The new Top Gun movie has been released in cinemas, and PetaPixel is revisiting the time when a photographer sacrificed his body to recreate the iconic Polaroid scene from the original film.
Blair Bunting audaciously attempted to recreate the scene from the 1986 Top Gun movie where Goose flies upside down and takes a polaroid picture of his Russian nemesis.
Bunting teamed up with Jaron Schneider, now the Editor-in-Chief of PetaPixel, and cameraman Toby Harriman to film Bunting capturing the daring photos. The camera crew collaborated with the Patriots Jet Team from Byron, California, who operate six Aero L-39 Albatros.
Bunting did manage to capture an unbelievable photo of one of the jets while upside down, but the photo came at a heavy cost after he was left with marks and bruises, and the doctor had to make sure his collarbone wasn’t broken.
“We learned that you should never carry a really heavy camera inside of a cockpit where you’re pulling Gs,” Bunting says in the video from 2016.
Just a One Time Gig
Reflecting on the shoot, Schneider says that he “probably” wouldn’t do it again given the stress and the risks involved.
“The shoot was incredibly challenging to pull off for several reasons. First, jets are not designed to stay upside down for very long. Any longer than maybe 20 seconds and you starve the jet of fuel and you’ll crash,” he explains.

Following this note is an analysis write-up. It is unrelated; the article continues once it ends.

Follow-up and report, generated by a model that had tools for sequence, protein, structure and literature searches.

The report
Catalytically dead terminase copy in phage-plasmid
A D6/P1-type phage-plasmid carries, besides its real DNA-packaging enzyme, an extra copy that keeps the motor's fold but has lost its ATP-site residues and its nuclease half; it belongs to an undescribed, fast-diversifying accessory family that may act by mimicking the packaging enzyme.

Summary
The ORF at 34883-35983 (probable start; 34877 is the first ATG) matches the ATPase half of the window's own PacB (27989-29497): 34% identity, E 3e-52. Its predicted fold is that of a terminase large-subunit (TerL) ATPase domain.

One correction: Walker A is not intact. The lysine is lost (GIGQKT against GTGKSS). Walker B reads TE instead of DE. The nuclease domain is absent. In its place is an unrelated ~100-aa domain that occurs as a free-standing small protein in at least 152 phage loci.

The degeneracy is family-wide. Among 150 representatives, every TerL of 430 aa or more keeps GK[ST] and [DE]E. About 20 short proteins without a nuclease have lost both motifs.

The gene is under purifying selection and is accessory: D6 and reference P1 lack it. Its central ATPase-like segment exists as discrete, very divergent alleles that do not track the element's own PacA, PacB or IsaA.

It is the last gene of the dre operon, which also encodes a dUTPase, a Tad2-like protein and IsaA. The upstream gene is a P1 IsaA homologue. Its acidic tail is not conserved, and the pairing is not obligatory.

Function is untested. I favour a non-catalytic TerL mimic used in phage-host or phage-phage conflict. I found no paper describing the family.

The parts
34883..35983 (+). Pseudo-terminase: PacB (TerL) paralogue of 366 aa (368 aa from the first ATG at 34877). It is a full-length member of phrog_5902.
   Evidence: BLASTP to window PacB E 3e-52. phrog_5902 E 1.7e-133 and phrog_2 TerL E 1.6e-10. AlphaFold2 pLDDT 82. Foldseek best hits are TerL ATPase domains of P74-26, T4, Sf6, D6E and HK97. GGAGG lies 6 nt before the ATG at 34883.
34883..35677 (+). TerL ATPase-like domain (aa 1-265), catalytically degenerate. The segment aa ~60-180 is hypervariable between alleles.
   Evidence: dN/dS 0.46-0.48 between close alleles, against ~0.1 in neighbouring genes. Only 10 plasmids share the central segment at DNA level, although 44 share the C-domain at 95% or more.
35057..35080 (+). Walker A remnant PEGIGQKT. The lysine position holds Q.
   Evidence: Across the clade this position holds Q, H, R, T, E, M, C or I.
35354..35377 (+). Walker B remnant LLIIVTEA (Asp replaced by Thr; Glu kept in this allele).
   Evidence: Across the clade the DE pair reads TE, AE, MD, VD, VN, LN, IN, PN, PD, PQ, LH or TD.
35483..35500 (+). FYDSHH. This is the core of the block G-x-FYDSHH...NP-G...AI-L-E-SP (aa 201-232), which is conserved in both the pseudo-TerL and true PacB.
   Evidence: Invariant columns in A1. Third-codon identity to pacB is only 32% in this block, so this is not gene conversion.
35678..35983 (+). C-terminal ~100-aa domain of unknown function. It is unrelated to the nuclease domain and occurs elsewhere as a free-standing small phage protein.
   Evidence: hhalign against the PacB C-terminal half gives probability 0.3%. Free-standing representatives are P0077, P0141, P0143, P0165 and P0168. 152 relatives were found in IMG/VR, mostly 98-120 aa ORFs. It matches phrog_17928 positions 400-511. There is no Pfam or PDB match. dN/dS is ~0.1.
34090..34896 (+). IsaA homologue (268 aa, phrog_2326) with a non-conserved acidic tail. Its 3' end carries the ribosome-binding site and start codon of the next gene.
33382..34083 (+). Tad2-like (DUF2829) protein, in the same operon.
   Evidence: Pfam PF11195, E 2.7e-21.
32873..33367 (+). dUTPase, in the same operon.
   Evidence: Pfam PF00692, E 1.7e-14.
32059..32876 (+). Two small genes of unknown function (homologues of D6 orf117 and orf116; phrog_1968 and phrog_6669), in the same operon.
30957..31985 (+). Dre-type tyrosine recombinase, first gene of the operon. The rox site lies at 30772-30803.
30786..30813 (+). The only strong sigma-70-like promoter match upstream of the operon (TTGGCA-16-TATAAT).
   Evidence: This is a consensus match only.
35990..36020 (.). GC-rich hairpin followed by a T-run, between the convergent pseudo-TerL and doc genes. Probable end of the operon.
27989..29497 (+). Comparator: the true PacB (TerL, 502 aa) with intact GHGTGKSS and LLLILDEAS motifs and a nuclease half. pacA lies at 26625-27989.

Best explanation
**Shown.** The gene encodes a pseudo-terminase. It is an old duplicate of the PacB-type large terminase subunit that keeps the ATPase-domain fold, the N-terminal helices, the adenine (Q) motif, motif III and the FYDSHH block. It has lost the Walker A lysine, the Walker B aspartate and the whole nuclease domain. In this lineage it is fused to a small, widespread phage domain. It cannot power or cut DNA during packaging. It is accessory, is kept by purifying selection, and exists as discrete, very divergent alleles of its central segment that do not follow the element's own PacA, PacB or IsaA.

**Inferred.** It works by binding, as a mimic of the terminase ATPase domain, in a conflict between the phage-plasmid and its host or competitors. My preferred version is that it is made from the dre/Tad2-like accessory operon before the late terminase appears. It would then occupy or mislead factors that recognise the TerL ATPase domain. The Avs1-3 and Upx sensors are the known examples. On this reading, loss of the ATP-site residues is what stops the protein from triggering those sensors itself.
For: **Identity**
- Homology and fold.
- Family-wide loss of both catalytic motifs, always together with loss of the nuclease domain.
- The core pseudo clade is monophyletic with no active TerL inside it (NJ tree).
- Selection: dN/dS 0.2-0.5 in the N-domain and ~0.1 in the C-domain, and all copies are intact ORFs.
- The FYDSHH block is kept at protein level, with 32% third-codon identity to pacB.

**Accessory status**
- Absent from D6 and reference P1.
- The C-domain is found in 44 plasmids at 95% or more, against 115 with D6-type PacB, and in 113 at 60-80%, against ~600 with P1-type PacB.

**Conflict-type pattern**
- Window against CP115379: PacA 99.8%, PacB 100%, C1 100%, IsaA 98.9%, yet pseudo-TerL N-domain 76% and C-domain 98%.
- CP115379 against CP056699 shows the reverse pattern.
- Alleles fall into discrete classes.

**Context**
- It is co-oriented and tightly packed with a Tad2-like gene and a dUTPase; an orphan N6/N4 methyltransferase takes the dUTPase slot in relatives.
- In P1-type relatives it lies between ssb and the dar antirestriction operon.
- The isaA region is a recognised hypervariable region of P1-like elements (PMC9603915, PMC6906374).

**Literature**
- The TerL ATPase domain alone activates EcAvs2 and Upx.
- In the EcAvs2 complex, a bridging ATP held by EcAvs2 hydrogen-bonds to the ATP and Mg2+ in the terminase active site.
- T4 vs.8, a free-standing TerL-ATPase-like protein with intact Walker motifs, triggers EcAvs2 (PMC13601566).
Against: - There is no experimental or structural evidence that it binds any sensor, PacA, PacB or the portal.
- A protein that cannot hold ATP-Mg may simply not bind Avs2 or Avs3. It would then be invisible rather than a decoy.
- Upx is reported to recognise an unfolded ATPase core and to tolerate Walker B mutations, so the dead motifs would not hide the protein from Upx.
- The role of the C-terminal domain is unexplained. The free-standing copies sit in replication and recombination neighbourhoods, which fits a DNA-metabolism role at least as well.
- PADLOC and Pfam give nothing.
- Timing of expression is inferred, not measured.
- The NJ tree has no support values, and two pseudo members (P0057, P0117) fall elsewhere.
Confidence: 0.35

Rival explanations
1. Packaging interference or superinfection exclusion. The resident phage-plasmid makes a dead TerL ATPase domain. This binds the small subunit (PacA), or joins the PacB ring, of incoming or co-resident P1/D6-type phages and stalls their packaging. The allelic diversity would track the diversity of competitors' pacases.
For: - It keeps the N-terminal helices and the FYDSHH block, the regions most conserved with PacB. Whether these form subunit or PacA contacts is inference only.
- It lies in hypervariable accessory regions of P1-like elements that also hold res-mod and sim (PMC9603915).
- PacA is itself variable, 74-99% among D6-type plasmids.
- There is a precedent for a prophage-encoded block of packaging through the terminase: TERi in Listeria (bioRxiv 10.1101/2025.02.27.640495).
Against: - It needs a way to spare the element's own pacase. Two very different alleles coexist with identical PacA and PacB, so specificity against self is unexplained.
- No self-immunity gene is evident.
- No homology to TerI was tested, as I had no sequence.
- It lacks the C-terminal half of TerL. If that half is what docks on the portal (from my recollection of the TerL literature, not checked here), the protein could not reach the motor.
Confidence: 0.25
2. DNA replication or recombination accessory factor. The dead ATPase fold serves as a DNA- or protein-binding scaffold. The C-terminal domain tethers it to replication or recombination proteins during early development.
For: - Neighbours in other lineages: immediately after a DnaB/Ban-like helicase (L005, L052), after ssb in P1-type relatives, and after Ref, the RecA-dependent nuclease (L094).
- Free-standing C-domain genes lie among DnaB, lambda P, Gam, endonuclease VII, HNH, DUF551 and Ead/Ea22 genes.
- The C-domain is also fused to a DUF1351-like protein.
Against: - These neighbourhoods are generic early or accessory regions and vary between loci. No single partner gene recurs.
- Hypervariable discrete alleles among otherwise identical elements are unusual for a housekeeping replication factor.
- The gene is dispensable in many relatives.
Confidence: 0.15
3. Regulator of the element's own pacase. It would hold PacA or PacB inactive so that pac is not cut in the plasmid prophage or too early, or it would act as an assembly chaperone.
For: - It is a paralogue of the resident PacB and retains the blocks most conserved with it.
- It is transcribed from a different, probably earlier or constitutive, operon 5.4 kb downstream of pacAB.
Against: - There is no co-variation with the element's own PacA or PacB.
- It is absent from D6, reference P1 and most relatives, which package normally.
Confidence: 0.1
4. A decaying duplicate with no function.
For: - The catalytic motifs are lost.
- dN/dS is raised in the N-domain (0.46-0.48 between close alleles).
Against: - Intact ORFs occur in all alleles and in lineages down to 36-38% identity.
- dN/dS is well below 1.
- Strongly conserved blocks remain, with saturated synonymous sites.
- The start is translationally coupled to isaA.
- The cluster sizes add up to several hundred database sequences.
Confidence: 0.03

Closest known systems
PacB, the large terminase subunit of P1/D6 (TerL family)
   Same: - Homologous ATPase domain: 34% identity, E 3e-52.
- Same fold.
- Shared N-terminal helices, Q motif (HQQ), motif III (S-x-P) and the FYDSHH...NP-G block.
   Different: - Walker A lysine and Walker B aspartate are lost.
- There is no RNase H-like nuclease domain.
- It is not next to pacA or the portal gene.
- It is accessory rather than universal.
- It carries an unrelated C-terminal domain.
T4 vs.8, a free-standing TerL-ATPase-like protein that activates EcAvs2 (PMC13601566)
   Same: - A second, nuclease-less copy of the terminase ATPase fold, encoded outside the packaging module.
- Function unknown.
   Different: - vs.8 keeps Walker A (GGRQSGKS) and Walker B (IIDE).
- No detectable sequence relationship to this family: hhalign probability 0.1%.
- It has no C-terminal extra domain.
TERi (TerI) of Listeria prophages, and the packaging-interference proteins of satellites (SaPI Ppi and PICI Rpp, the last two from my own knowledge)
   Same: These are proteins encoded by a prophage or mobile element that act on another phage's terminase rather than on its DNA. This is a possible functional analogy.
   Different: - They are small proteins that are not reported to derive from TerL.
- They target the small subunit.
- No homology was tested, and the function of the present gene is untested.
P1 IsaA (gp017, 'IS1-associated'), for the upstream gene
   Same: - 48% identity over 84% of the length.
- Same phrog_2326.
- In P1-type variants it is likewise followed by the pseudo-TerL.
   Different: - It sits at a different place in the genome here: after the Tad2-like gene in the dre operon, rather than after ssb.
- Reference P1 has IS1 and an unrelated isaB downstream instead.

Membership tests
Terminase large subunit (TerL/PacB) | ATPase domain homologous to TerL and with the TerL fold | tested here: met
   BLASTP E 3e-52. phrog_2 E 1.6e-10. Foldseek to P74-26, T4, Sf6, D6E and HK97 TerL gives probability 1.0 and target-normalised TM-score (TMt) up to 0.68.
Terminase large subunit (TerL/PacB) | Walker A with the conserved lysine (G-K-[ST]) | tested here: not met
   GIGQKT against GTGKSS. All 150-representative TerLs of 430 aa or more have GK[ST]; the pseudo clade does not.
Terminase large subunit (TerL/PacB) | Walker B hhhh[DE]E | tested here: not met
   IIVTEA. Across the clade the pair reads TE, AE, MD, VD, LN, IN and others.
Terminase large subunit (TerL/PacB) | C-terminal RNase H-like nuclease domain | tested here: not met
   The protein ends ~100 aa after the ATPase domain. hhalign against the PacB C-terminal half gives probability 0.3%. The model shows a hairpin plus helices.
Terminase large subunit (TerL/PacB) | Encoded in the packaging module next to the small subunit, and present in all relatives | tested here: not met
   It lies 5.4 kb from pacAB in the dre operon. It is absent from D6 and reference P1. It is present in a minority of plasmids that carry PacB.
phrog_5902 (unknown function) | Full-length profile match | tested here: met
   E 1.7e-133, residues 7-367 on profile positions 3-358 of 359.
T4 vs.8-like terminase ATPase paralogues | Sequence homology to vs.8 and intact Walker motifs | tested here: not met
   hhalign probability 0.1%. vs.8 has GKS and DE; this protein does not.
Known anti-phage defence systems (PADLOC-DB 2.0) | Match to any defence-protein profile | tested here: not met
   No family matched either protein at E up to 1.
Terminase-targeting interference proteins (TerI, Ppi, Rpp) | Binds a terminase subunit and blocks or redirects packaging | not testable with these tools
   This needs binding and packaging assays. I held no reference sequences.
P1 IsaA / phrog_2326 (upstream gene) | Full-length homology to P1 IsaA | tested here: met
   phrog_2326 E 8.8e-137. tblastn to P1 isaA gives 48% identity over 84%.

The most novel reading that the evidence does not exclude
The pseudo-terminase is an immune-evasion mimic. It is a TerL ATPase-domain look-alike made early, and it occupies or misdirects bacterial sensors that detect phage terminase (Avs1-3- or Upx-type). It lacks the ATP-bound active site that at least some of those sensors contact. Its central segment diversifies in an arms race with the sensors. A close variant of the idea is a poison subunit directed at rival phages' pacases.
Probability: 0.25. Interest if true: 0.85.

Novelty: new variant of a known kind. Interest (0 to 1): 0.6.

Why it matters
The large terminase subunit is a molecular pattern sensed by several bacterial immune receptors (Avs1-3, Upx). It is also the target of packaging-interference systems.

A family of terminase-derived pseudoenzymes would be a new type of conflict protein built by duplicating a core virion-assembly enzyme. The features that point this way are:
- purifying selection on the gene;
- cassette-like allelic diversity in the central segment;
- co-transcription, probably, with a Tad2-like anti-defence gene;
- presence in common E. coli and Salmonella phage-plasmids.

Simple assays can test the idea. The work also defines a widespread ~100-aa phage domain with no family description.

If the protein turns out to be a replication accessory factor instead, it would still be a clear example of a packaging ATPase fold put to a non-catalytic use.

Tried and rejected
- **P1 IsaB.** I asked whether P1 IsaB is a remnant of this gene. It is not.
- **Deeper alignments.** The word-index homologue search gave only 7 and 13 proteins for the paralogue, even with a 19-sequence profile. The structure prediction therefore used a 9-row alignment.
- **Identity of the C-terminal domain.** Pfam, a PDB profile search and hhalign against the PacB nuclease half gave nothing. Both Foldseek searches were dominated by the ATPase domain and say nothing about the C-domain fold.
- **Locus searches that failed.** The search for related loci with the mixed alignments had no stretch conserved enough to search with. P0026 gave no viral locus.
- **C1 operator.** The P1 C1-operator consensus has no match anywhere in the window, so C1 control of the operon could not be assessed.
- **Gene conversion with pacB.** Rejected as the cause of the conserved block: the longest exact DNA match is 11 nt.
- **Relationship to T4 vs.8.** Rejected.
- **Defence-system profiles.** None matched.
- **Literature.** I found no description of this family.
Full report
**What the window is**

“Knowing this, we went into it with a very detailed flight plan that we went over multiple times prior to taking off. On top of the logistics of the jet moves, filming it was also really hard. I’m strapped into the flight chair, so my range of movement is heavily restricted,” he continues.
“That meant that to use the camera we chose for the shoot, which was a Canon 1DX Mark II, I wasn’t going to be able to see what I was shooting without an external monitor since that rear LCD doesn’t rotate. To get around this, we jury-rigged a way for me to use an HDMI display that was mounted in front of me so I could actually focus on the jets which would be on my left.
“The capabilities of cameras have gotten so much better in just a few short years. It would have been a totally different story with today’s tech.”
Schnieder also says that the temperature that day was pushing 100-degrees, and despite the jets having an air condition system, it was of no use because of the hole in the canopy that was utilized to capture a clean video shot.
“That meant I was getting real, clear footage with my camera that was unobstructed but it also meant that any cool air from the air conditioner was immediately swept out of the hole,” says Schneider.
“As you can imagine, that hole also made the cockpit extremely loud, which diminished my ability to communicate with my pilot. We knew that going in, which is another reason pre-planning was so important.
“Due to the heat and the fact we sustained almost 9 Gs during the flight, I felt absolutely terrible after we touched down. I drank about two bottles of water and laid down on a couch for about 15 minutes. I didn’t pass out during the flight nor did I throw up, but I came darn close.”
So while the stunt the team pulled six years ago proved that Goose’s photo was possible, they also found it severely taxing on those whose bodies aren’t trained like actual fighter pilots.
Image credits: Photos by Blair Bunting.